Conclusion

On the basis of current evidence, acupuncture and Asian herbal medicine, both of which are components of traditional Chinese medicine (TCM), should be approached differently by people with MS. Acupuncture is of low risk, is possibly beneficial, and may be a reasonable treatment option for some people with MS. In contrast, Asian herbal medicine should be considered with caution by people with MS, especially for use on a long-term basis. Reports of treatment benefits using this therapy cannot be...

Additional Readings Books

Complementary and Alternative Medicines. Philadelphia Lippincott, Williams, and Wilkins, 2004, pp. 58-60. Jellin JM, Batz F, Hitchens K. Natural Medicines Comprehensive Database. Stockton, CA Therapeutic Research Faculty, 2005, pp. 82-83. Kaplan GP. Ayurvedic medicine. In Oken BS, ed. Complementary Therapies in Neurology. London Parthenon Publishing, 2004, pp. 145-158. Manyam BV Ayurvedic approach to neurologic illness. In Weintraub MI, Micozzi MS, eds. Alternative and...

Herbs That May Interact with Antidepressant Medications

Tricyclic antidepressants are an older class of antidepressant medications. These drugs, which include amitriptyline (Elavil) and nortriptyline (Pamelor), may be used to treat depression or pain in people with MS. When using these antidepressants, one should avoid St. John's wort, belladonna, henbane, jimson weed, mandrake, and scopolia. St. John's wort also should be avoided when taking the antidepressants known as SSRIs, which include fluoxetine (Prozac), sertraline (Zoloft), and paroxetine...

St Johns Wort

John's wort has been used for therapeutic purposes for more than 2,000 years. Its most common current use is as an antidepressant. Although St. John's wort has been studied extensively, the chemicals that may produce its effects have not been clearly identified. In the past, it was thought that a chemical known as hypericin may be responsible for its effects. However, more recent studies indicate that another chemical, hyperforin, may play an important role. In addition to uncertainties...

Echinacea

Echinacea is one of the most popular and well-studied herbs. A long history of echinacea use exists for the treatment of medical conditions, especially infections. North American Indians used echinacea medicinally, and it was the primary herbal therapy for infections in the early 1900s. Echinacea poses a theoretical risk for people with MS, yet, surprisingly, it is sometimes recommended for MS and appears to be used by a relatively large number of people with the disease. Echinacea is of...

Antioxidant Vitamins Generally Vitamins A C and E

Among all categories of dietary supplements, antioxidant vitamins were among those used most frequently by a large group of people with MS who were surveyed through a study at the Rocky Mountain Multiple Sclerosis Center (the full results of this survey may be seen at www.ms-cam.org). Antioxidant vitamins include Vitamin A or beta-carotene (a chemical converted to vitamin A) These vitamins act on free radicals, chemicals that can damage cells in the brain and other organs of...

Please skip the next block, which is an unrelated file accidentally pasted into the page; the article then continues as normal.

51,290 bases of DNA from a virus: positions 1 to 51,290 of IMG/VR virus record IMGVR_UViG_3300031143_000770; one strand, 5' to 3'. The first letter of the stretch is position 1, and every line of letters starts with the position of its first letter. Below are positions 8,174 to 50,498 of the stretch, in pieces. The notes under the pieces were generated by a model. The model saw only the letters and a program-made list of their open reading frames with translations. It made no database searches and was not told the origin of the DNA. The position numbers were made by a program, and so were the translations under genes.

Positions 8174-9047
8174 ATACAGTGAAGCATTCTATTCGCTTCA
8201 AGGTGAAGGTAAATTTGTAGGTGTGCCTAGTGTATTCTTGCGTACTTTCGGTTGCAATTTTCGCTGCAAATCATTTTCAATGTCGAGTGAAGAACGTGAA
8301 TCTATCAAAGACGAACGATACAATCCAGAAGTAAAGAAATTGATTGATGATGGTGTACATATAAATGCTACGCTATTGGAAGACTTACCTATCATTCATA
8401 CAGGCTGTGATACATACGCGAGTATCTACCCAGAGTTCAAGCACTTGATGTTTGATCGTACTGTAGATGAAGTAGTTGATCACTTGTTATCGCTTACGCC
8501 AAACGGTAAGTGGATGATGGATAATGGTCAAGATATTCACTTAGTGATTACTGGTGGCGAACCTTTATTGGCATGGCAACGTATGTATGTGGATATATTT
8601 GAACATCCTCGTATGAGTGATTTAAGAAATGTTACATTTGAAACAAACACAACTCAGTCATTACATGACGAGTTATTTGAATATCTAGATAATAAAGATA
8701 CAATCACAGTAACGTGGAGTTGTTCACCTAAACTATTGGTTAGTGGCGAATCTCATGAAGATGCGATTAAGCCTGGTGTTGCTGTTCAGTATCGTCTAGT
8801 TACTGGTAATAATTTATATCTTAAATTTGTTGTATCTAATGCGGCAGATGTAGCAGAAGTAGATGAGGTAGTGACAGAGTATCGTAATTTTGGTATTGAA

Alpha Lipoic Acid

Alpha-lipoic acid is an antioxidant compound. Like the antioxidant vitamins, alpha-lipoic acid acts to decrease the damage produced by free radicals. Alpha-lipoic acid normally is present in the mitochondria, the energy-producing parts of the body's cells. Alpha-lipoic acid may have relevance to neurological disorders, including MS. Encouraging results with alpha-lipoic acid have been obtained in animal and human studies by Dr. Dennis Bourdette and others at Oregon Health Sciences University...

Calcium EAP

Hans Nieper, a German physician, developed a compound known as calcium EAP. It is also known as calcium-2-aminoethyl phosphate, calcium AEP, and calcium orotate. Thousands of people have apparently been treated with this compound. Most information about calcium EAP is available only from literature by Dr. Nieper who died in 1998 or organizations affiliated with him. Calcium EAP is one component of an approach to MS referred to as the Nieper regimen. It is believed that...

Summary of the Effects of Popular Dietary Supplements

Aloe May interact with steroids, possible toxic effects with oral use Alpha-lipoic acid Promising studies in animal model of MS, human studies are underway Androstenedione Multiple possible toxic effects Ashwagandha Ayurvedic herb that is sometimes recommended for MS, may be immune-stimulating Asian ginseng No definite therapeutic effects possibly immune-stimulating may interact with steroids may inhibit blood clotting may interact with warfarin Coumadin Astragalus Possibly immune-stimulating...